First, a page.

I have been contemplating the relationship I have to things – objects, that is. This in part because of several conversations I have had with various people lately, some of them questioning my desire for – and collecting of – what amounts to garbage. I am drawn to collect various cast-offs to the point of obsession: rusty metal things, crow and raven feathers, bits of broken or disassembled clocks and machines, the requisite beach bits (a must for a prairie-born scavenger like myself). Even here, in this small apartment, I am unable to stop myself from bringing random things home as I find them (it’s more like they have found me).
Really the question is why? Why this particular affinity for particular forms of detritus? On one level the answer is simple – it is fodder for my work, and they are objects with shapes and textures that I find pleasing. But this does beg the question, really, and raises another whole set of questions about the nature of my work. Perhaps I need to engage in a process similar to that if Roger-Pol Droit in his book How Are Things? and catalogue my response and relationship with the objects I collect, or at the very least, examine my fascination with the categories of things that increasingly inhabit my world. (This book is, by the way, a delightful read – and a fascinating exploration of the relationship between objects, their roles in our lives, and the emotional and physical connections we have with them.)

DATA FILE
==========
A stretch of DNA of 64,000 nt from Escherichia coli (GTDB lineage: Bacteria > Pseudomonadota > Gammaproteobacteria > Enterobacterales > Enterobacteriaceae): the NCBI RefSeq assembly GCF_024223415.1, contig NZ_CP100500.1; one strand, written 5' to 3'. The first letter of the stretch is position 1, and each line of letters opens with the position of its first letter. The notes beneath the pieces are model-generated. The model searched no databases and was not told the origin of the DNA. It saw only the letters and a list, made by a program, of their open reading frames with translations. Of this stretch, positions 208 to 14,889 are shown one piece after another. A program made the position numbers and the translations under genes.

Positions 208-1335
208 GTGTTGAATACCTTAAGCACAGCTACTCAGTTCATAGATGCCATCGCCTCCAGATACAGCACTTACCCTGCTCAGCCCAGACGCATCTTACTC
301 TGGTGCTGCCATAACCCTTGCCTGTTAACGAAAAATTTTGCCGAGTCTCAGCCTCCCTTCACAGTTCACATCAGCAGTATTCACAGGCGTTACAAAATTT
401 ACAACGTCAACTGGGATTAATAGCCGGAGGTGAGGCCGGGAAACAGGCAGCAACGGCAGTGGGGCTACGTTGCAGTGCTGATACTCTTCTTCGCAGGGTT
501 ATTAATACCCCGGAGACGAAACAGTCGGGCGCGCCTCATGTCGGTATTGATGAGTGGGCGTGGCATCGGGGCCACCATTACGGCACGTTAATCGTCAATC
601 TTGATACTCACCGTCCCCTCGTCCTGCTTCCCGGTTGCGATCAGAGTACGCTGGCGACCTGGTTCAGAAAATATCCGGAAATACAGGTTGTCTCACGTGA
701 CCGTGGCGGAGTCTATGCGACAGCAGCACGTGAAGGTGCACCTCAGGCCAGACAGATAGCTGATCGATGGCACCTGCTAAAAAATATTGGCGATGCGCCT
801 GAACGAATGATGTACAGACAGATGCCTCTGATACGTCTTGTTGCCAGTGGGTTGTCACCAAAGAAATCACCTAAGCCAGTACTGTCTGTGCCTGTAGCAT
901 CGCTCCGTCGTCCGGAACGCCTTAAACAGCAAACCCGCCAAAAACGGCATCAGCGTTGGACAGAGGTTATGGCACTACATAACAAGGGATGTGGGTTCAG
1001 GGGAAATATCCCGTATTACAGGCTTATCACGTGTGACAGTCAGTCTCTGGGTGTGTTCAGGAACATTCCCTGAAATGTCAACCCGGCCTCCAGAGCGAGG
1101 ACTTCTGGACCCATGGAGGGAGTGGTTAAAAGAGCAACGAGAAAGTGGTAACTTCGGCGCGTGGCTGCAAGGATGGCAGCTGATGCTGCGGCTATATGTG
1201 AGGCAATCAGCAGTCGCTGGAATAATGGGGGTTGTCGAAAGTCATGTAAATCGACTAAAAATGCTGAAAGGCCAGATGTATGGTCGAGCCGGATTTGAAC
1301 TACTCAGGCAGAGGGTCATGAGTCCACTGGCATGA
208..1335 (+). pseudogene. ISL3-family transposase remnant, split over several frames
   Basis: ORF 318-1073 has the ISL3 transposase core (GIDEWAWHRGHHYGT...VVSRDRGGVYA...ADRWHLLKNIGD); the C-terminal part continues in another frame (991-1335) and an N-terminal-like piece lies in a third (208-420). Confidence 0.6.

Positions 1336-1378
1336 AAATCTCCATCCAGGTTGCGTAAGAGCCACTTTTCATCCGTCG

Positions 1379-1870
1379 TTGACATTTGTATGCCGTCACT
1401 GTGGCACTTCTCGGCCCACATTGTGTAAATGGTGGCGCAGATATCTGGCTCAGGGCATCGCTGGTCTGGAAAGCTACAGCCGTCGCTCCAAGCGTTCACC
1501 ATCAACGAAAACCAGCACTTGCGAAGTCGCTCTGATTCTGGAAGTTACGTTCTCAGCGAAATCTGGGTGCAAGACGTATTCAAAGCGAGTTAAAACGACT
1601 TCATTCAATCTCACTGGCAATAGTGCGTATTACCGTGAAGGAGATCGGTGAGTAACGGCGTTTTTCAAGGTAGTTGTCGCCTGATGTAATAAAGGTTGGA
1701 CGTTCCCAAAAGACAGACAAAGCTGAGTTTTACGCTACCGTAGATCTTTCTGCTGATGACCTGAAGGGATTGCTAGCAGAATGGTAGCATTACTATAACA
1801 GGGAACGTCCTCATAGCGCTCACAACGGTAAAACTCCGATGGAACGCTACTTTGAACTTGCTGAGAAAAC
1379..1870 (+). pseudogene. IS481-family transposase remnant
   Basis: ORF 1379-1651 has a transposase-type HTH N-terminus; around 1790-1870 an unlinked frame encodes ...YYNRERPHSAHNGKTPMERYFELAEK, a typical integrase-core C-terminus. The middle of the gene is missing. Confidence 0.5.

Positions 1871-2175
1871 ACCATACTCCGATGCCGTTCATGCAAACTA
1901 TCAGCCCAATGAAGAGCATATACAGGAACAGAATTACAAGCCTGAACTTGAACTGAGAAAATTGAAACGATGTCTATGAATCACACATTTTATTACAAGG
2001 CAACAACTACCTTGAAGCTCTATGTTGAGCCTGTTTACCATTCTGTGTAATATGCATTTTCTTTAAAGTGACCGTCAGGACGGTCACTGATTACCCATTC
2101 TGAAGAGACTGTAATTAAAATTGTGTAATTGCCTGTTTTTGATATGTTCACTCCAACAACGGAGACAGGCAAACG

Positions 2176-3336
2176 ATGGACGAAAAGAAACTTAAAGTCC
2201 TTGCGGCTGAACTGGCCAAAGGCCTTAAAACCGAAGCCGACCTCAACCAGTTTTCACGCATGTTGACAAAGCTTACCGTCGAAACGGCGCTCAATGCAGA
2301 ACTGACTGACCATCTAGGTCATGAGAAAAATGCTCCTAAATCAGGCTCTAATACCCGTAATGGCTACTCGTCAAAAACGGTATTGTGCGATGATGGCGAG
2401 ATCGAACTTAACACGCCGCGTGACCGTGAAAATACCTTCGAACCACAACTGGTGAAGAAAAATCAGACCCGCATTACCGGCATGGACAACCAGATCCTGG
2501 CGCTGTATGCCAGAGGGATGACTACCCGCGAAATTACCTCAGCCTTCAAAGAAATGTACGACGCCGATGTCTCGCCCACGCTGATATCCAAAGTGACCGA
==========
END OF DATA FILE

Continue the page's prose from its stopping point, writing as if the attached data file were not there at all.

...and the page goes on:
I find myself beginning this examination with a passage from Droit’s book, that bear reproducing here:
It is indeed this – the singularity of each object that I encounter – that draws my initial attention. But this could be true of any collection; so the additional layer of understanding that must be gained revolves around the particular categories of object that I collect, and what whose categories and the individual characteristics of the objects within each category provide in that way of … what? Satisfaction of some sort? Understanding?